I originally had another plan for this stone. It was this complicated pendant with about three layers of silver, I had it drawn and laid out, and the bezel section finished when I just happened to set it on my finger to see what it looked like.
At that point, I decided to make it a ring, a weighty, chunky piece with a backless plate that allows the stone to sit flush against the skin.
It's a Carey Plume Agate and has such beautiful rich red plumes unfurling like clouds toward the center of the stone and when you hold it to the light you can see the milky inclusions buried deep under the surface of the stone.
It has such great weight and heft when you wear it (something I haven't stopped doing since I finished it two nights ago).
I also tried a little something different with the band.
See, I've noticed that often when I wear a ring with a large stone that has a normal band, the stone is so heavy that the ring will kind of sit sideways. Well, that is if I wear it on my ring finger. So, when I made the band for this ring, I tried to follow the natural curvature of the hand, lining the band up so that the band sits naturally against the palm of my hand, and the stone stays straight.
I love it. I really do. The only thing that's driving me nuts is the little spot where I closed the bezel. I filed and filed away but was really nervous that if I took too much metal, I'd open the bezel.
So, I left it as is.
Which is fine with me, this one is staying on my finger anyway!
I also set the stone on this turquoise gumdrop ring.
Shaped like an arrow, this one sits with a high profile in a scalloped bezel on a slim band.
I didn't think I'd like something so delicate and feminine, but turns out, they're fun to make and fun to wear.
I just got back from spending the day at a local arts festival and we picked up a couple of handmade gifts for Christmas this year.
I was amazed to see how many jewelry designers there were.
A lot of metalworkers, some gorgeous lampwork....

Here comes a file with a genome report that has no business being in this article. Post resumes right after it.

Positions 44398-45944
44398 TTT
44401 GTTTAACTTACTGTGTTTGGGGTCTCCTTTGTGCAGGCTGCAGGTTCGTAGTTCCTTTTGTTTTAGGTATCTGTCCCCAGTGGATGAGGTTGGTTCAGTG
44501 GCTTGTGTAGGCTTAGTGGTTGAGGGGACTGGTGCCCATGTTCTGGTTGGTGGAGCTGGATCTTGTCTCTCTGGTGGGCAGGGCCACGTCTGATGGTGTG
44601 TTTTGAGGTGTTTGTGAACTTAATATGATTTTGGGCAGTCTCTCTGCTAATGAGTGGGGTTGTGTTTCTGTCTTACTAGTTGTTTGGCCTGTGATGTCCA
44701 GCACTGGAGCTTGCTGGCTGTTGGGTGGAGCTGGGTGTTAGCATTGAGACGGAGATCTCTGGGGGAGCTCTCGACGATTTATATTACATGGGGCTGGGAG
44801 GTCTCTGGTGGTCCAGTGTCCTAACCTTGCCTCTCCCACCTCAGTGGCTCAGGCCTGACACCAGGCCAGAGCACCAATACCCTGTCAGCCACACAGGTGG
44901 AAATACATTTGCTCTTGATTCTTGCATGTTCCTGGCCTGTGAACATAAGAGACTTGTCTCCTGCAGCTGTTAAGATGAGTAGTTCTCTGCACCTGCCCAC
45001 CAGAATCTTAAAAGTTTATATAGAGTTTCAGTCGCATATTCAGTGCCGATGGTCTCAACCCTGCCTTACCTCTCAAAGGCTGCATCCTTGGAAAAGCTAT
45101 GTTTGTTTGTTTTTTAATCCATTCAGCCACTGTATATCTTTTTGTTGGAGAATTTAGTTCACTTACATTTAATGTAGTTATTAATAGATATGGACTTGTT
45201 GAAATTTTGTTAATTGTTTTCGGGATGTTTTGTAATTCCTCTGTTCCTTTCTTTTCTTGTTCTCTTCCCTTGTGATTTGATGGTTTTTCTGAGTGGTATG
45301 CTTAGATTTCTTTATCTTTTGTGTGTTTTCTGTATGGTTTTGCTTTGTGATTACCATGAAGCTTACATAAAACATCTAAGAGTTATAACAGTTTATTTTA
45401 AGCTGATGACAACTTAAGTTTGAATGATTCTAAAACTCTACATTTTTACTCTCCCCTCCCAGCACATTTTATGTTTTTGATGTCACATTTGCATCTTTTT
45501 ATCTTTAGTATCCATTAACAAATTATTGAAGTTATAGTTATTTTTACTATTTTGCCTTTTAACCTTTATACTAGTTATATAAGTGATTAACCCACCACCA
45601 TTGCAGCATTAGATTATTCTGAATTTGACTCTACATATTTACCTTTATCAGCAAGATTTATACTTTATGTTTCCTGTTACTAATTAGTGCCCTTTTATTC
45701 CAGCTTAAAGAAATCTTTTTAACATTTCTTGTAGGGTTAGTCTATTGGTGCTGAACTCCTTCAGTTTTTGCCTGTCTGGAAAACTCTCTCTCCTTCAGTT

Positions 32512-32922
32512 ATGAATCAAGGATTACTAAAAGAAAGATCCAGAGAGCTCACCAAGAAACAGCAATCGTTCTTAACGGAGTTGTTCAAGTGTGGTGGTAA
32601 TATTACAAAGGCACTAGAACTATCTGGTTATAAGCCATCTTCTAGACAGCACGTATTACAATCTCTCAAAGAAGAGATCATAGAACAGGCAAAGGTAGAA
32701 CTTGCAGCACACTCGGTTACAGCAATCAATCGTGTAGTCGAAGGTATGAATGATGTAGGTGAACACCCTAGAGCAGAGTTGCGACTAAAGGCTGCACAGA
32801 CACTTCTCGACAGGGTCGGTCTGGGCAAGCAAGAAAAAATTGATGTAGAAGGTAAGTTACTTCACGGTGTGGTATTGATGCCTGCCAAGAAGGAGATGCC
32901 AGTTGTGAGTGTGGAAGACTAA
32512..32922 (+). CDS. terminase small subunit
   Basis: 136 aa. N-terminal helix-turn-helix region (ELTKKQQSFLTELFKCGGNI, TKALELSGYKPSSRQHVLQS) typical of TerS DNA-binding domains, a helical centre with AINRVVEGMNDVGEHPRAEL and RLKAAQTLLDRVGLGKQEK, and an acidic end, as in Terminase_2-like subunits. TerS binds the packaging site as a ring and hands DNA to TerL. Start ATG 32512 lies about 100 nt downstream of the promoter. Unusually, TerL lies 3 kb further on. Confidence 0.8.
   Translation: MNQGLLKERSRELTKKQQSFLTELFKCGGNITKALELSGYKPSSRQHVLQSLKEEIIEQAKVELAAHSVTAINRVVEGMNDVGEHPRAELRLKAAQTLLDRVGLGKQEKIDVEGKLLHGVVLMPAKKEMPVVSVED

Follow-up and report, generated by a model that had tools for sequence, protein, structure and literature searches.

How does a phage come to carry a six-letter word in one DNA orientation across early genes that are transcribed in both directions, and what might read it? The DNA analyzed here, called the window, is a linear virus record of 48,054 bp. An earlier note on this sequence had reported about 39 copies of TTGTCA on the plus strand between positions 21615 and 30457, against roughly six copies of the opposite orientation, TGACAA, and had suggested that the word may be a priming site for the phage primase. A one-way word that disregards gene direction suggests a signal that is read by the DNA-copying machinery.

I realized that with all of the competition out there, it's so important to really find your unique perspective in whatever it is you're making. It's not just enough to recreate a technique, after awhile, people are going to see the same thing over and over. You really have to find away to take that torch-fired enameling and do something unique with it.
I've found that for me, it helps to try laying out a piece a few different ways. Turn the stone in a different direction, or try layering elements. It really helps to have a clean spot on your work table where you can "assemble" the piece before assembling it.
Try bringing in an unexpected material or a pop of color.
If you're selling your work this holiday season, I really hope that it's successful for you and that you're able to find your customers who will appreciate your work. I realized again today how difficult it is for artists. It's been awhile since I've listed anything on Etsy and I've never done a show. Good luck to all my artist friends and thank you so much to those of you who have supported me in the past.
I truly hope you have a wonderful Thanksgiving week. I'm definitely looking forward to good food and family. (My husband is looking forward to football, Iron Bowl anyone?)
Enjoy the rest of your weekend!